Where to Begin
Initially our main goal is to assess Steven's understanding of causality concepts through simple programs which react to any switch press. Therefore we start with a program, such as Switch Intro (Don Johnston). One part of this program is "Make It Sound," which focuses on sounds and related pictures on the monitor. After positioning and placement of the switch, we observe Steven's actions. We look first at his interest in making an effort to reach toward the switch, and his physical ability to press on it. When he does activate the switch, we observe his reactions, any facial or verbal responses to the sounds, and his visual attending to the monitor. If he makes no attempt to activate the switch, physical assistance is provided once or twice to get him started. At this point, a determination may be made that the placement or type of switch needs to be changed. These are variables which are assessed on an ongoing basis throughout the session.

Let's assume Steven is able to press his switch and does so randomly to make the sounds change in the program. Then the next step would be to assess his ability to press the switch at an appropriate time. This skill is needed in order to advance to functional use of communication through scanning. It also indicates to us that he is able to control his movements in order to get the desired result. Press to Play - Animals (Don Johnston) is one program which can be used to test appropriate switch pressing or train a child to develop this skill. This is a simple way to test or teach appropriate switch pressing skills.

If it is determined that Steven does have an understanding of waiting and pressing his switch at a specific time, then the next step is to test more specifically his ability to attend to the monitor and visually track an object across the screen. A simple program which can be used to assess this skill is the "Willy the Worm" portion of Switch Intro. This program can be used to assess the child's ability to visually track the object and to press his switch appropriately. The requirement of starting the object movement with a switch press each time is similar to the action which is needed to control a scanning array, one press to start the scanning, another press to stop at the desired word or letter. With an auditory beep added to the intitial switch press, this program can be used to assess beginning auditory scanning, as well as visual scanning skills.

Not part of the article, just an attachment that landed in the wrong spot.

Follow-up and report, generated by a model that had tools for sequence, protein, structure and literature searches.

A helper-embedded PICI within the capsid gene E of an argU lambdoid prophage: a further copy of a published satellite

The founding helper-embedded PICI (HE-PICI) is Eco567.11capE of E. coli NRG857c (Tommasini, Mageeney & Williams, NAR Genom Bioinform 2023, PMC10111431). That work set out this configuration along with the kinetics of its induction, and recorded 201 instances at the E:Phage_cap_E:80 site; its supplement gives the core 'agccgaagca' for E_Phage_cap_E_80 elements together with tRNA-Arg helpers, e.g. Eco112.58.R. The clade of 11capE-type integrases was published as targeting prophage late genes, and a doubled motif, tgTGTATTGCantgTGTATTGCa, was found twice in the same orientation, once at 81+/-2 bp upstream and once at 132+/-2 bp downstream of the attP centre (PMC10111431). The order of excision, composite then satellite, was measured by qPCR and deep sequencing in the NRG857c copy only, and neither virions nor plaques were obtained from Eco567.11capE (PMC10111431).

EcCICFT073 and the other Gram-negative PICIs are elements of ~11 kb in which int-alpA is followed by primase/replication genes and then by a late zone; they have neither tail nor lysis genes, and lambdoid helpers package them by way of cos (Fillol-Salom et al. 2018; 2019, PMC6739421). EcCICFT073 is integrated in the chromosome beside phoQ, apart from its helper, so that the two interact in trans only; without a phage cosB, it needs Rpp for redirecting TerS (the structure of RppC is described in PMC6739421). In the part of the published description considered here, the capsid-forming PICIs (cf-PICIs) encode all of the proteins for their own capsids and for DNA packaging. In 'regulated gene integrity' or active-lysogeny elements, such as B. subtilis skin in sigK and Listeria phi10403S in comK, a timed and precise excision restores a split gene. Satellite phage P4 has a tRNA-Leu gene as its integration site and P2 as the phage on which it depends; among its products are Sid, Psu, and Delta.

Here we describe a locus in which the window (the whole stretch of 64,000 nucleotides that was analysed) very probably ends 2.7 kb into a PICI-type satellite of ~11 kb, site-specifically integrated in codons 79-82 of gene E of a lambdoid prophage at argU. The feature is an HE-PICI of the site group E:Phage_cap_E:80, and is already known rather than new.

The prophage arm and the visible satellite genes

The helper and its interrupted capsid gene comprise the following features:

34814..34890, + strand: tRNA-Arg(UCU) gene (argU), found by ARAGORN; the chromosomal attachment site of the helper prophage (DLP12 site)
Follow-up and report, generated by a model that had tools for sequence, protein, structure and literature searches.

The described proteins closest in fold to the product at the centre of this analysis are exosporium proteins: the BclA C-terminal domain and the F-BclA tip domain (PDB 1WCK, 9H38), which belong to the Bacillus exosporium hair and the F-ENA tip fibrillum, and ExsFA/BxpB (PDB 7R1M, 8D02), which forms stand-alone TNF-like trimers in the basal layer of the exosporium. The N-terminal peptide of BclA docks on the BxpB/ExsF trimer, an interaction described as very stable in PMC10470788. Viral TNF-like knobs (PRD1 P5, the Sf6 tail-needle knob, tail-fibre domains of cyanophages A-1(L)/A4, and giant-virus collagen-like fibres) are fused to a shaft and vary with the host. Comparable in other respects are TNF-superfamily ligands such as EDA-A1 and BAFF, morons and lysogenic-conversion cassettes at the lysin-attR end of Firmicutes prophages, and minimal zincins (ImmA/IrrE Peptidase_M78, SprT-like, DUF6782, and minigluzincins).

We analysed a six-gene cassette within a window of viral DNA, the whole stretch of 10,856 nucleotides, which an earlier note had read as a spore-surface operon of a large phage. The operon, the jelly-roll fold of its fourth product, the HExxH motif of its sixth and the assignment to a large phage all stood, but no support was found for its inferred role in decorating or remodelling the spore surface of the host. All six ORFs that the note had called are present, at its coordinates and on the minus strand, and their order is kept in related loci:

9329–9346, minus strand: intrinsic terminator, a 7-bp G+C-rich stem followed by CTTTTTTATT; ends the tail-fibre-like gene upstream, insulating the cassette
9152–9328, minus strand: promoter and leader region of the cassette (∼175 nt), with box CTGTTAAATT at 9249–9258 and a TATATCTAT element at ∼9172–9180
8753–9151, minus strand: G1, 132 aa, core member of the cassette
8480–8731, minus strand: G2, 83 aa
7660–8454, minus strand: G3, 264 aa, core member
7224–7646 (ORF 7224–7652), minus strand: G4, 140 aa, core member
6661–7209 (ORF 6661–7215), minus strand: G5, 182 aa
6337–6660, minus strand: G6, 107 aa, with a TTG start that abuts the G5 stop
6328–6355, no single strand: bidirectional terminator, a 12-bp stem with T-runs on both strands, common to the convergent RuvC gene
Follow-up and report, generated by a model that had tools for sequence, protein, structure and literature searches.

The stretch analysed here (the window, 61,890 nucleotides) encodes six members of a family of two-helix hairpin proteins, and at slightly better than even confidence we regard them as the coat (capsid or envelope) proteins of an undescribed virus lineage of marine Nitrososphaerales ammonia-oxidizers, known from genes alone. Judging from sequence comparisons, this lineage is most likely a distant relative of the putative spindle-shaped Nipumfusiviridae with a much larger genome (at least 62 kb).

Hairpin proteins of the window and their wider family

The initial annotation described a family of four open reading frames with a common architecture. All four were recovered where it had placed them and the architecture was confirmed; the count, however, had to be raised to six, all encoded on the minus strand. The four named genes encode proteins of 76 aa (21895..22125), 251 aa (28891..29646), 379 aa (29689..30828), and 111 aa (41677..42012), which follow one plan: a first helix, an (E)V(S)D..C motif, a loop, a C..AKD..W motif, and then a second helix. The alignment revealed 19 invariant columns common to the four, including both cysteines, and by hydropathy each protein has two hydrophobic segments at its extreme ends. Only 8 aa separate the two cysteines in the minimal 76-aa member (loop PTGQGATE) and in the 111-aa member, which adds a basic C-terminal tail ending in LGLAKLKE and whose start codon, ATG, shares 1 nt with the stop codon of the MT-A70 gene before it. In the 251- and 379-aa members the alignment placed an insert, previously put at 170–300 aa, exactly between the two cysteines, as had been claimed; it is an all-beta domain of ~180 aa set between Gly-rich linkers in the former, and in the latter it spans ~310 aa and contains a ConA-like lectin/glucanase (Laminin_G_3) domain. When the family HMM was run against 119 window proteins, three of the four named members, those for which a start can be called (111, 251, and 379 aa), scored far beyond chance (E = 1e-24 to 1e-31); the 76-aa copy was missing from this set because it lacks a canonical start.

If Steven has the ability to do these beginning scanning skills, then the next step is to assess his intentional use of progressively more difficult scans. We may use aMAZEing Ways (Don Johnston) which contains several switch activities with mazes. We would continue to assess his scanning skills until either Steven tires or the team has a good evaluation of his abilities.

Other methods of input, such as a touch tablet or adapted mouse, may be assessed during the session. If a child has enough hand control to use direct select method of input, the Key Largo or IntelliKeys may be an option. Assessment of these devices should begin with simple software which is activated by a press anywhere on the surface of the device. This way the team can assess the child's physical ability to use the device, before progressing to different levels of touch tablet use.

Note: A complete description of the TTAP assessment procedures and a copy of TTAP's assessment forms are available in the manual, The Technology Team Assessment Process. Contact the Macomb Projects office for ordering information.

Note: Software referred to in this article can be purchased from Don Johnston Inc., 800/999-4660.